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Darlington Hex

Video with no sound filmed by Judith Quinlan on a Super 8 Camera of a small hexing circle organized by Judith for a group of feminist climate activist (possibly the Women Against Nuclear Power group in Toronto) at a large anti-nuclear protest against the Darlington Nuclear Power Plant (today called Darlington Nuclear Generating Station) in Clarington, Ontario. Judith Quinlan writes "We made a hexing circle at the protest to close the Darlington Nuclear Power Plant." Video depicts protesters in a large field during summer and a smaller group playing instruments, waving cylinder tubes, and forming a hexing circle. Judith Quinlan writes “One of the speakers in the week leading up to it was Ursula Franklin. The hex was a small portion of that protest. It was organized by me and a group of feminists who were also climate activists.” Other people seen in the video are Gay Bell, Anne Quigley, Ellen Quigley, Jacqueline Frewin, Pat Smith, and Maureen Sanderson. Gay Bell writes in an article titled “Witches ANT: Anti-nuclear guerilla theatre” on page 7 of the October/November 1979 issue of UPSTREAM that the guerilla theater section of Women Against Nuclear Power called Witches ANT is putting on a play called “Sizzle City: Women’s Nuclear Reactions”. Gay Bell writes “The Witches' ANT came together to do anti-nuclear theater after the June occupation of the Darlington Nuclear Plant site near Toronto.”

Gay Days

Video with no sound of a celebration titled Gay Days in Queen's Park, Toronto filmed by Judith Quinlan on a Super 8 Camera. The video shows a sunny day in Queen's Park with booths for different organizations like the Lesbian Organization of Toronto (LOOT) and Toronto Area Gays (a peer counseling and information service). Also shown is Lorna Boschman giving a speech on a stage at the beginning and people sitting and walking in the park.

International Womens Day Toronto 1979

Video with no sound filmed by Judith Quinlan on a Super 8 Camera depicts a group of protestors holding signs on International Women's Day standing in front of Toronto Old City Hall.

Remembrance Day

Video with sound filmed by Judith Quinlan on a Super 8 Camera . Video depicts large gatherings and events for Remembrance Day in Toronto in front of [Old City Hall?]. Colour footage of people placing flowers by a sign with the female gender symbol with the words written "For Every Woman Raped in Every War". Black and white footage depicts soldiers in uniform performing a ceremony with the Canadian flag and drums.

Dr. Carrie Best speaking at the Women's Constitutional Conference, February 14th, 1981, Parliament Hill, Ottawa

This video documents Dr. Carrie Best speaking at the Women's Constitutional Conference on February 14, 1981 held on Parliament Hill, Ottawa. Dr. Best was the president of the Visible Minority Women's Society of Nova Scotia and co-founded the Clarion in 1946, one of the first newspapers owned and published by Black Canadians in Nova Scotia. The description titled "Equality and Racialized Women in Canada" on Constitute.ca reads: "The marginalization of racialized women still continues in Canada. See what Dr. Carrie Best said in 1981 and Joanne St. Lewis in 2006. We still have a long way to go in Canada to address the racism in our society." Constitute.ca was a project of the International Women’s Rights Project (IWRP), University of Victoria. Dr. Best states in the video: " I really don't need to tell you that I represent a minority group, because I happen to be the only one here representing the Black women of Canada. But that's not exactly ... Correction... and an apology… Over thirty years ago, I came here when Anne Francis had her conference, and I was definitely then, the lone representative of the Black women of Canada, and I presented a brief on their behalf, and I've come a long distance today, and I find that there is only one more of us here, and I think that should tell us something as women of Canada. Now 78, I'm still only number two. I would like to commend the Native Women's Association for their resolution, and I would like to quote this for you ..." At this point in the video the chairman states: "Dr. Best, excuse me but at this point in the agenda please, questions of clarification." Then Dr. Best goes on to state in the video: "Well this is a question of clarification if you'll permit me to read it. [...] [Dr. Best reads a quote from the charter on Indigenous rights and freedoms] Then Dr. Best states in the video: "[...] and I am suggesting madam chairman, that not only do we deny the existence of certain rights, but it appears that you have denied the very existence of the Black women of Canada."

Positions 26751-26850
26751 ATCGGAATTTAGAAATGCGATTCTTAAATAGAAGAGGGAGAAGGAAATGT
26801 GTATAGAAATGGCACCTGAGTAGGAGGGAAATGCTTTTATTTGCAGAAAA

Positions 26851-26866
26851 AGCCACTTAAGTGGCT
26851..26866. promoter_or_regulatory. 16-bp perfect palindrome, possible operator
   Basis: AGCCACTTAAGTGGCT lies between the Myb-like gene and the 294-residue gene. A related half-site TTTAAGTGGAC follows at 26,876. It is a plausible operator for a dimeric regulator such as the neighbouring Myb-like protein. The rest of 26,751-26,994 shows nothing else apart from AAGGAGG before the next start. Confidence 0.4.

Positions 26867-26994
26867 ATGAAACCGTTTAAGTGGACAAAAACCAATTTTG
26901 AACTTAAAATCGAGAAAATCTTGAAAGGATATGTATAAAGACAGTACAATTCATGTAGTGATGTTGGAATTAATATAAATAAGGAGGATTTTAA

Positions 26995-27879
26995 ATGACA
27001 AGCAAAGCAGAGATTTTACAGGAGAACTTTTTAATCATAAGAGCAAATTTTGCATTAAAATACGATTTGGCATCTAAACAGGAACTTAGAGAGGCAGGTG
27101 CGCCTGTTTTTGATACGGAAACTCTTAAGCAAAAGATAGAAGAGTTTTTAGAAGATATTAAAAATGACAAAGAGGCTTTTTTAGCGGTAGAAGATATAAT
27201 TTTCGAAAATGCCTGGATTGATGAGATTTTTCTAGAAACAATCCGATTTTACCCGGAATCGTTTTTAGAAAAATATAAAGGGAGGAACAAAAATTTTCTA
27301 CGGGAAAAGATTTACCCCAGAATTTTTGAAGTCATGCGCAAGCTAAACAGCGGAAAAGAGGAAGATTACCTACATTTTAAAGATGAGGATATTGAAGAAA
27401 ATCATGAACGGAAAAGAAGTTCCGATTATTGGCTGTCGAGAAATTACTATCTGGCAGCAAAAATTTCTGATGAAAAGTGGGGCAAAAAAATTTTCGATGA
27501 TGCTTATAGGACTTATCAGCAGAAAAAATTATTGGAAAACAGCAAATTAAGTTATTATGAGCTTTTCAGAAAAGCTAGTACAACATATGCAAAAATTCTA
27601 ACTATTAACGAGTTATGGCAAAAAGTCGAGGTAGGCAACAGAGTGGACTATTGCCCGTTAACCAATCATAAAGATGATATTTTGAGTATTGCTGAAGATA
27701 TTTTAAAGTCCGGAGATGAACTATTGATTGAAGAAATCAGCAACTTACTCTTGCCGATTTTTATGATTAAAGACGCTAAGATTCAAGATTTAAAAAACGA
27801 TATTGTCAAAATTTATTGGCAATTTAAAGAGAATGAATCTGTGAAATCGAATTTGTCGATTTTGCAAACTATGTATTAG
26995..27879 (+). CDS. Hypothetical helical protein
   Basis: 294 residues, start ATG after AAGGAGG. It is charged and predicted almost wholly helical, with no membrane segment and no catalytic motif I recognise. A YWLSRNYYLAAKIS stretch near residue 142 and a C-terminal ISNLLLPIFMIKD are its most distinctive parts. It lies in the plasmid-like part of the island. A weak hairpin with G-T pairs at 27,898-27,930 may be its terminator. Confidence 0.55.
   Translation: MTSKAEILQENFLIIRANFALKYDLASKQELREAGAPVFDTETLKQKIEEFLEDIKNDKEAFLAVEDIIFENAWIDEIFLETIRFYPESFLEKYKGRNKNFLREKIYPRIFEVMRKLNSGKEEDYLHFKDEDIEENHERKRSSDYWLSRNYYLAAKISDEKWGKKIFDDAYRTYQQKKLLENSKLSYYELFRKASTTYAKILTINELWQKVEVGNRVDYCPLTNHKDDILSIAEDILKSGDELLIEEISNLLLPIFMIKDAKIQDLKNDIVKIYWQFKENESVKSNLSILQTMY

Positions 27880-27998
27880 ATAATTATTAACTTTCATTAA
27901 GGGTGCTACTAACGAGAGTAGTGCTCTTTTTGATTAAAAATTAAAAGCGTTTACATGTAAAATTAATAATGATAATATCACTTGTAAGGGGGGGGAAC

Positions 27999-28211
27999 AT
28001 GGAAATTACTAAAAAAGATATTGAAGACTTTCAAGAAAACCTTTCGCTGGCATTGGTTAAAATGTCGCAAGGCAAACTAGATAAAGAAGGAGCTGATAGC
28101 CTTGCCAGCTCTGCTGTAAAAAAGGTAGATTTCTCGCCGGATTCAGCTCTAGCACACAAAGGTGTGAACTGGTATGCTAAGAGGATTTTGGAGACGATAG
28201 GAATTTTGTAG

Global conversations with Sally Armstrong: Interview with Dr. Sima Samar

This video documents an interview with Dr. Sima Simar, chairperson of the Afghanistan Independent Human Rights Commission. The interview was conducted by Sally Armstrong at the Canadian Forum on Women’s Activism in Constitutional and Democratic Reform on February 14th, 2006, Parliament Hill, Ottawa. The description for the video on the Constitute.ca website reads: "Dr. Sima Samar is the Chairperson of the Afghanistan Independent Human Rights Commission. A medical doctor, she set up illegal clinics for women and girls under the Taliban, and has dedicated her life to the liberation of women from the repressive Taliban and Afghan regimes. She was briefly appointed as the Deputy Prime Minister of Afghanistan and the Minister of Women’s Affairs after the first democratic elections in 2004." The video is supplementary interview material for the documentary film Constitute!. Constitute.ca is a project of the International Women’s Rights Project (IWRP), University of Victoria.